Logitech RumblePad 2

by Rob Williams on March 1, 2005 in Peripherals

Logitech has always been known for making great computer peripherals. They are the world leader in Webcams, and make great Keyboards, Mice, Speakers and tons more. But how about their gamepads? PC gamepads are incredibly difficult to get right, especially for a gamer who is expecting console equivalent feel and design. Read on to see how their RumblePad 2 controller fares in our review.

Installation, Conclusion

The configuration on the left, is what you can expect if you do not install the drivers that come on the CD. If you have Windows XP, the Gamepad should work fine without installing the drivers, so it’s up to you if you want to install them, if you have XP. If you do install the drivers off the CD, you get the configuration on the right. To test the buttons, you click them on the controller and they light up in the config. Installation was very easy, and it worked off the get go. It helps since it’s USB based, and nothing else. One thing I recommend though, is to not lose the CD-Rom. At the time of writing, you couldn’t easily get the drivers off the official site.

Performance and Testing

To thoroughly test the gamepad, I played a heavy amount of Tony Hawk’s Underground 2 and Need For Speed: Underground 2. These games are both available on all the mainstream consoles, and I have played them both on the Xbox console, so I can give an accurate view of how the controller performs.

Need For Speed: Underground 2

Alright, I’m in my Honda Civic and seat belt on. I’m ready race! The ingame configuration allowed for perfect control over what the buttons do, so I could mimic the real PS2 or Xbox control scheme. Within seconds, I was ready to go in and race.

How to describe the initial feel and control of the gamepad.. Wow! The control was tight and allowed for perfect racing. Not once did I blame a crash on the gamepad! I was going around corners with ease, and felt every bump along the way, thanks to the built in Rumble. There was no configuration to get the rumble to work for the game, it was set automatically.

As I already noted, I prefer to play games with the D-Pad, rather than the Analog sticks, but I did test both ways. Either way, the control was very tight, and allowed for accurate play. Setting the two center buttons on the controller as Select and Start, really makes it feel like you are playing a console.. but only with amped up graphics. All in all, I really enjoyed using this gamepad for the game.. it worked perfectly.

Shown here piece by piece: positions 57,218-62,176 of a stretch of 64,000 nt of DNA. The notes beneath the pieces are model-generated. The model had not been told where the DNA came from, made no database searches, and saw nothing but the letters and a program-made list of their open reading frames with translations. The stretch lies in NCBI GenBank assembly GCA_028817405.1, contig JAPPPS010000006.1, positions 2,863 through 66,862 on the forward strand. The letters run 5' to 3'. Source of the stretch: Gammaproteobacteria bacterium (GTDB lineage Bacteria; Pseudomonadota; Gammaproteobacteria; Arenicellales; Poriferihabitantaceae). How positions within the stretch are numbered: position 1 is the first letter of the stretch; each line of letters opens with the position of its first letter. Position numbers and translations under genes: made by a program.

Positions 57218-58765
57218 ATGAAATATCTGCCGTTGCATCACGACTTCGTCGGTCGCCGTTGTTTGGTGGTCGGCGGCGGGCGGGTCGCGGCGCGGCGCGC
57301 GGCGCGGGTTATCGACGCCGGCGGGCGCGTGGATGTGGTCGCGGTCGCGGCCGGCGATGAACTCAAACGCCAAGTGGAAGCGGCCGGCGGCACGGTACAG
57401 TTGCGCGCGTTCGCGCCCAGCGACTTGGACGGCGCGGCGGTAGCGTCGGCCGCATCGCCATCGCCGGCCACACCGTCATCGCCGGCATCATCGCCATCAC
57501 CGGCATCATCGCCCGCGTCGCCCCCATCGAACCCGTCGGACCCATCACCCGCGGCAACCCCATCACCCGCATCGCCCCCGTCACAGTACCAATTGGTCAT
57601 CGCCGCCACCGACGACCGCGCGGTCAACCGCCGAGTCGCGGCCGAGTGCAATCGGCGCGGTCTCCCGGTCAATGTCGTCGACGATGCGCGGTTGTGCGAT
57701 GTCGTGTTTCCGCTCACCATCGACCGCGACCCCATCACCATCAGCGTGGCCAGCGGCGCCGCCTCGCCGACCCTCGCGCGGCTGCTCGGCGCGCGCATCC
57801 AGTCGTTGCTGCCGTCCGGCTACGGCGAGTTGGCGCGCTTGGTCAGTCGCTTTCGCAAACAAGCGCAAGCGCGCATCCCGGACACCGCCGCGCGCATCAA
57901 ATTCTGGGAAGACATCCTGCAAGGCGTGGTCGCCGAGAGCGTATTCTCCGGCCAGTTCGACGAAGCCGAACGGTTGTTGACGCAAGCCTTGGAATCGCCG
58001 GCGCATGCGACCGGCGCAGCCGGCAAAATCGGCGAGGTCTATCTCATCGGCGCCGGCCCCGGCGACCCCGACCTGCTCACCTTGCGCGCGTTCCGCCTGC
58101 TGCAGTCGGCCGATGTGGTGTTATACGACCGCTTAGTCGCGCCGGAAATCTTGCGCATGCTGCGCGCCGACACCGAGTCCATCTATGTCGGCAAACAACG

Tony Hawk: Underground 2

Skateboard? Check. Crazy levels? Check. RumblePad 2? Check. Alright, ready to grind up a storm. Now, unlike NFS: U2, TH: U2 is nowhere as refined and polished for PC play. The game overall feels somewhat bulky, and the graphics are not as clean and crisp as the console counterparts. At any rate, I once again set up the RumblePad 2 to the same configuration as the game has for the PlayStation 2.

Even with the clunky design of the game, the controller still acted as it should. The character was easy to control, and the tricks were performed smoothly. The control was not as smooth as NFS: U2 for instance, but I believe that to be because of the clunkiness of the game. However, if you do own this game for the PC, this gamepad will not let you down. The vibration definitely added to the experience as well.


If you play a lot of games on your PC that are better played on a Gamepad, without a doubt, get this one. I’m certainly not easily impressed with any peripherals, especially Gamepads. This one however, easily won me over with it’s ease of use, and perfect design. With the Rumble feature added in there, there’s no reason to not own this Gamepad. The first night I used it, I was so impressed, I went online and ordered a second one! Definitely give this one a go. Thanks to Pamela at Logitech for allowing us to review their gamepad!

Feel free to discuss this review in our forums!

Rob Williams

Rob founded Techgage in 2005 to be an 'Advocate of the consumer', focusing on fair reviews and keeping people apprised of news in the tech world. Catering to both enthusiasts and businesses alike; from desktop gaming to professional workstations, and all the supporting software.

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